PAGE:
Economists make a distinction between positive and normative that closely parallels Popper's line of demarcation, but which is far older. David Hume explained it well in 1739, and Machiavelli used it two centuries earlier, in 1515. A positive statement is a statement about what is and that contains no indication of approval or disapproval. Notice that a positive statement can be wrong. "The moon is made of green cheese" is incorrect, but it is a positive statement because it is a statement about what exists.
A normative statement expresses a judgment about whether a situation is desirable or undesirable. "The world would be a better place if the moon were made of green cheese" is a normative statement because it expresses a judgment about what ought to be. Notice that there is no way of disproving this statement. If you disagree with it, you have no sure way of convincing someone who believes the statement that he is wrong.
Economists have found the positive-normative distinction useful because it helps people with very different views about what is desirable to communicate with each other. Libertarians and socialists, Christians and atheists may have very different ideas about what is desirable. When they disagree, they can try to learn whether their disagreement stems from different normative views or from different positive views. If their disagreement is on normative grounds, they know that their disagreement lies outside the realm of economics, so economic theory and evidence will not bring them together. However, if their disagreement is on positive grounds, then further discussion, study, and testing may bring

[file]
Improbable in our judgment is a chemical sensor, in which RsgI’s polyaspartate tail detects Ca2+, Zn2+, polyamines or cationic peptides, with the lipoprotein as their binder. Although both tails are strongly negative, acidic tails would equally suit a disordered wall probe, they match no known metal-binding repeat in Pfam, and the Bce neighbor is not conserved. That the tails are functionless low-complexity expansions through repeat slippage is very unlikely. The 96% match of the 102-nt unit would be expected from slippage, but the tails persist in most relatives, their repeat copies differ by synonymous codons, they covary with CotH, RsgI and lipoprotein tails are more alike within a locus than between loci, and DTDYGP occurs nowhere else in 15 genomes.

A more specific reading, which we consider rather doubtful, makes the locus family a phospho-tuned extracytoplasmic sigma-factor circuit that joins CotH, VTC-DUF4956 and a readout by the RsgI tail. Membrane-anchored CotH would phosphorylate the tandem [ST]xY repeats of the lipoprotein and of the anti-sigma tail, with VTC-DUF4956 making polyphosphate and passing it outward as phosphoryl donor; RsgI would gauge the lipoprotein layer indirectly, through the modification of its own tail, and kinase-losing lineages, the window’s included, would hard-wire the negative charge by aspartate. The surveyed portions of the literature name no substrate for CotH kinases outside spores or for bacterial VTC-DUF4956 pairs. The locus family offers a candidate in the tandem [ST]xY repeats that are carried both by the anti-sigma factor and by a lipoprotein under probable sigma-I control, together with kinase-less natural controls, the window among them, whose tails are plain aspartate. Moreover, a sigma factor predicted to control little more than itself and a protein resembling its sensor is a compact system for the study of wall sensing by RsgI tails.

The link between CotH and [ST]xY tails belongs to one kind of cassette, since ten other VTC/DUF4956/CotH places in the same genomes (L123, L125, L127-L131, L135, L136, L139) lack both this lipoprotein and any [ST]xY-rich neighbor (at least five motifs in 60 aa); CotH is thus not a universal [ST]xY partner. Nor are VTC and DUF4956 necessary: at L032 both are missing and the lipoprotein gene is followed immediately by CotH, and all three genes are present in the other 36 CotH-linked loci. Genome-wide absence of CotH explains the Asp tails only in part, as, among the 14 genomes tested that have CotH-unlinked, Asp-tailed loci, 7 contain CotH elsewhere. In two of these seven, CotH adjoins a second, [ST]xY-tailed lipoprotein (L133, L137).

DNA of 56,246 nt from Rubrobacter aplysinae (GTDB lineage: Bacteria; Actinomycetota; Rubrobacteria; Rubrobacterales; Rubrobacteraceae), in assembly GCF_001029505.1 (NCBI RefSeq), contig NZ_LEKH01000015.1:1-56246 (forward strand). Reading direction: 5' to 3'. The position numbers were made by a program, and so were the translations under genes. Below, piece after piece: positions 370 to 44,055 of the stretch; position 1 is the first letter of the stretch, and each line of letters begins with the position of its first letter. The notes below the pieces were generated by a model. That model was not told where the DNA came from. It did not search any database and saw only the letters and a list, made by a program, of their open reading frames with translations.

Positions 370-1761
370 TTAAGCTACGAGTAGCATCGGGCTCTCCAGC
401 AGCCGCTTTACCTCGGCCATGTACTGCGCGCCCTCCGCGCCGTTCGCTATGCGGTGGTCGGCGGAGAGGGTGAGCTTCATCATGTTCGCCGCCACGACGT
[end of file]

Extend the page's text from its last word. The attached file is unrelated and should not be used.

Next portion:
them closer together.
Economists can confine themselves to positive statements, but few are willing to do so because such confinement limits what they can say about issues of government policy. Both positive and normative statements must be combined to make a policy statement. One must make a judgment about what goals are desirable (the normative part), and decide on a way of attaining those goals (the positive part). Economists often see cases in which people propose courses of action that will never get them to their intended results. If economists limit themselves to evaluating whether or not proposed actions will achieve intended results, they confine themselves to positive analysis. (You should realize that although economists can speak with special authority on positive issues, even the best can be wrong.) However, virtually all economists prefer a wider role in policy analysis, and include normative judgments as well. On normative issues economists cannot speak with special expertise. Put somewhat differently, addressing most normative issues ultimately depends on how one answers the following question: "What is the meaning of life?" One does not study economics to answer this question.
Most statements are not easily categorized as purely positive or purely normative. Rather, they are like tips of an iceberg, with many invisible assumptions hiding below the surface. Suppose, for example, someone says, "The minimum wage is a bad law." Behind that simple statement are assumptions about how to judge whether a law is good or bad (or normative statements) and also beliefs about what the actual effects of the minimum wage law are (or positive statements).